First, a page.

The Christmas trading period is always one of wonder, excitement and energy for shoppers, as they hunt for the perfect products to make their festive season a memorable one. The same sense of excitement descends on retailers too, who typically generate around 30% of their annual total incomes in this Golden Quarter, with key sales opportunities like Halloween, Black Friday, Cyber Monday, Singles Day and NYE celebrations.
But sometimes, like frantic last-minute Christmas shoppers themselves, the excitement can turn into mayhem for merchandisers if the right strategy isn’t adopted to prepare for this busy period. If retailers fail to plan the promotion of their stock well enough, then they face the prospect of having to make significant markdowns on their merchandise in the January sales, which can dramatically impinge upon profits.
It doesn’t have to be this way if retailers approach the season in advance by investing in a multi-faceted range of ecommerce tactics. Here’s how brands can maximise results and minimise the risk of left-over stock:
Most people know the wise phrase ‘by failing to prepare, you are preparing to fail’, but if you don’t prepare well enough in advance for the busy peak trade months, then it can have a huge impact on annual results given there is so much to gain at this time. Preparation this year is also more critical given the uncertainties surrounding Brexit, and the potential damage a no-deal could have on consumer spending confidence.
This puts added pressure on brands to plan key sale occasions like Cyber Monday well, and a perfect place to start is by focusing on the very basics, such as the customer experience and ensuring your tech and development teams have prepped your ecommerce site properly with solid infrastructure and extra resources to cope with additional traffic. Slow page load speeds and crashing sites leave a lasting bad impression which could not only put consumers off your special occasion sale, but also coming back to your website throughout the entire peak period.
Retailers only have a finite amount of time to sell through seasonal stock and one of the key priorities at this time of year is to ensure as much as possible is sold through at full price without having to go into markdown in January.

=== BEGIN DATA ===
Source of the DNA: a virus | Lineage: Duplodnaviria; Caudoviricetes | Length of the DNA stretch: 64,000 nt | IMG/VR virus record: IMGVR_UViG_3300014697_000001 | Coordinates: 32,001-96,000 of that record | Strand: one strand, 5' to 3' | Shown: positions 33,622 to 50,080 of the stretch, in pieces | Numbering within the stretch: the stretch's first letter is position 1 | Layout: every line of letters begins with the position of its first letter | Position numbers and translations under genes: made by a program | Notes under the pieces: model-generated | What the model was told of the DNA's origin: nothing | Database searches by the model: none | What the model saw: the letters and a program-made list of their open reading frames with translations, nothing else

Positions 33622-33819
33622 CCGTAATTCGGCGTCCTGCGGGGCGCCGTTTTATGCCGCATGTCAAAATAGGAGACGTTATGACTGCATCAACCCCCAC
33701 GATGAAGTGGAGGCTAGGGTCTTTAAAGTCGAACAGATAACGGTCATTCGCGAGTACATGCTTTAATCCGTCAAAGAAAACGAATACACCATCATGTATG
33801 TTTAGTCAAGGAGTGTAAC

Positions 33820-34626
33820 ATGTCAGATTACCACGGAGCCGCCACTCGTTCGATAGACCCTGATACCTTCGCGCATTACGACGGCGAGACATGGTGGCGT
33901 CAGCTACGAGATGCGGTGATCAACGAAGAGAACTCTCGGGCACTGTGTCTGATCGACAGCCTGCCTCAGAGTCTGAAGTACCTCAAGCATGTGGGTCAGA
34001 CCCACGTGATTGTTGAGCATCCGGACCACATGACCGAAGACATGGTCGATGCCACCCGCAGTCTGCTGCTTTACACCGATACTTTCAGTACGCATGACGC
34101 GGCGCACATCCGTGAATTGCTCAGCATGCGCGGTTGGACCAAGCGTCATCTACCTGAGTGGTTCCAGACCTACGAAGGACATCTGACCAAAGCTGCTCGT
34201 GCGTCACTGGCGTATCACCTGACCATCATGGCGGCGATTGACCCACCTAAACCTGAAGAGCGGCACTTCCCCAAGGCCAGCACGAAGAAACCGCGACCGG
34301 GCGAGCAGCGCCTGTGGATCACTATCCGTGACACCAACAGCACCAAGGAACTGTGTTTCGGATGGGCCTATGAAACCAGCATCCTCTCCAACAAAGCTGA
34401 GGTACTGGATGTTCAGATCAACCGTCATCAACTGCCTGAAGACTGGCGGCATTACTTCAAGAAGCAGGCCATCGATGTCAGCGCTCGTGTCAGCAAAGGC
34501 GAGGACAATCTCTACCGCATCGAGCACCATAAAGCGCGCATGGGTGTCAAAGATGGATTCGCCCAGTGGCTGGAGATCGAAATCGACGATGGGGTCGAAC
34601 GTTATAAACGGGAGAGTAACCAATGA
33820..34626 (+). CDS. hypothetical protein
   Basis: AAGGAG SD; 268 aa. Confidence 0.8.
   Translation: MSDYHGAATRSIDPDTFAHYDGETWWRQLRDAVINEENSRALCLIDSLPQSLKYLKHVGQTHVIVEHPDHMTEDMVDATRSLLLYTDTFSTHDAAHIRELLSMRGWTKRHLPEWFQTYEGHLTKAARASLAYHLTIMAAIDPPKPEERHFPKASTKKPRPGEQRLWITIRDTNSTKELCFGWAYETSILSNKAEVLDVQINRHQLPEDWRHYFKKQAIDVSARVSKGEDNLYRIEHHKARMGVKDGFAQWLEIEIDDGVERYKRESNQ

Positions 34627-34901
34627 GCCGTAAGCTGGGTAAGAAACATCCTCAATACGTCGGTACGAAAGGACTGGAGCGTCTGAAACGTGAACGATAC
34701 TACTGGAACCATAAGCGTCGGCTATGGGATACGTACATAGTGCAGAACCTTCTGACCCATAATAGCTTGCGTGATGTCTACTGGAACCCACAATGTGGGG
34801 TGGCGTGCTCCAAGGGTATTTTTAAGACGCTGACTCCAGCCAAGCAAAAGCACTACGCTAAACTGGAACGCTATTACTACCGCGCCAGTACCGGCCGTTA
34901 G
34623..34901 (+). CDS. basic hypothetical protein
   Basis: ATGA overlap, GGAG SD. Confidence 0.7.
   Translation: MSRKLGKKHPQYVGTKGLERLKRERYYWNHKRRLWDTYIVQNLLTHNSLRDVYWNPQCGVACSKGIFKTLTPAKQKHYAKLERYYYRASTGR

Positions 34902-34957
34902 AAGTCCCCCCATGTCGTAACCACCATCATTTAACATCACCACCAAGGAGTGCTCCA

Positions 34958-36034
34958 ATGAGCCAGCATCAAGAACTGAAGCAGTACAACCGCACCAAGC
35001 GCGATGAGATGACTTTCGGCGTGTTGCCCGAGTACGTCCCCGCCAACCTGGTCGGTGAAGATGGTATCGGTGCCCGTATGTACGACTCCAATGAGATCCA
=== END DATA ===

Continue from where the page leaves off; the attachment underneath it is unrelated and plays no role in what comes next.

Consider factoring in merchandising data such as ‘week’s cover’ as an attribute when you order the display of your products in order to prioritise seasonal stock which you need to clear from your warehouse prior to the Christmas sales period.
Of course, you don’t just want to promote stock which you have high quantities of if no-one is interested in it, which is why merchandisers should use this data while combining it with other relevant commercial metrics to ensure product offerings are interesting and relevant to the personal interests of customers. Metrics like product sales and click-through rates can be very useful in this process to give a clearer indication of what will resonate best with your target shoppers.
Data science and automated merchandising methods will also prove their weight in gold when it comes to promoting and clearing through stock in an efficient and relevant way, as algorithms can easily detect and categorise product-level metrics on a mass scale, while giving you the ability to rapidly populate category pages with strategically placed items which fit your specific commercial and customer requirements.
These systems can also handle the task of stock replenishment and alternative product suggestions automatically which is particularly crucial during a peak period, when your products are much more likely to sell out.
Automated methods are reliable for handling mass product placements and category page replenishment, but merchandisers can add significant value by overriding automated rules to showcase unique products which rapidly gain traction due to emerging market trends.
These sudden interests appear very quickly, and while a machine may need to mull over the sales data from the previous day to catch on to the fact a certain trend or product type has gained popularity, a merchandiser can react instantly and prioritise suitable products to ensure they can be easily found and maximise sales. By curating the experience and intervening in automated strategies when necessary to do so, merchandisers can add real value by capitalising on rapidly emerging sales opportunities which machines may otherwise miss.
Retailers should also not forget to give customers the ability to control their own levels of personalisation. You might have spent lots of time and effort to cleverly personalise the site to an individual’s tastes and preferences, but when they’re shopping for other people during peak, all of this work can go out of the window. Allow customers to choose who they are shopping for and use automated strategies to push appropriate products for differing recipient segments, in line with your stock strategies.
The creation of interactive gifting campaigns and fun shopping guides and surveys can be beneficial here to establish customer intent, while powering the personalisation experience. You can also still make use of all the personalisation data available to take advantage of the ever-growing “to me, from me” gifting trend, to encourage customers to also buy for themselves during the Christmas gift shopping spree. By combining these clever product promotion ideas with a solid stock clearance strategy underpinned by data science and automation, brands can prime themselves to tackle peak in a pro-active way which delights shoppers while driving standout sales.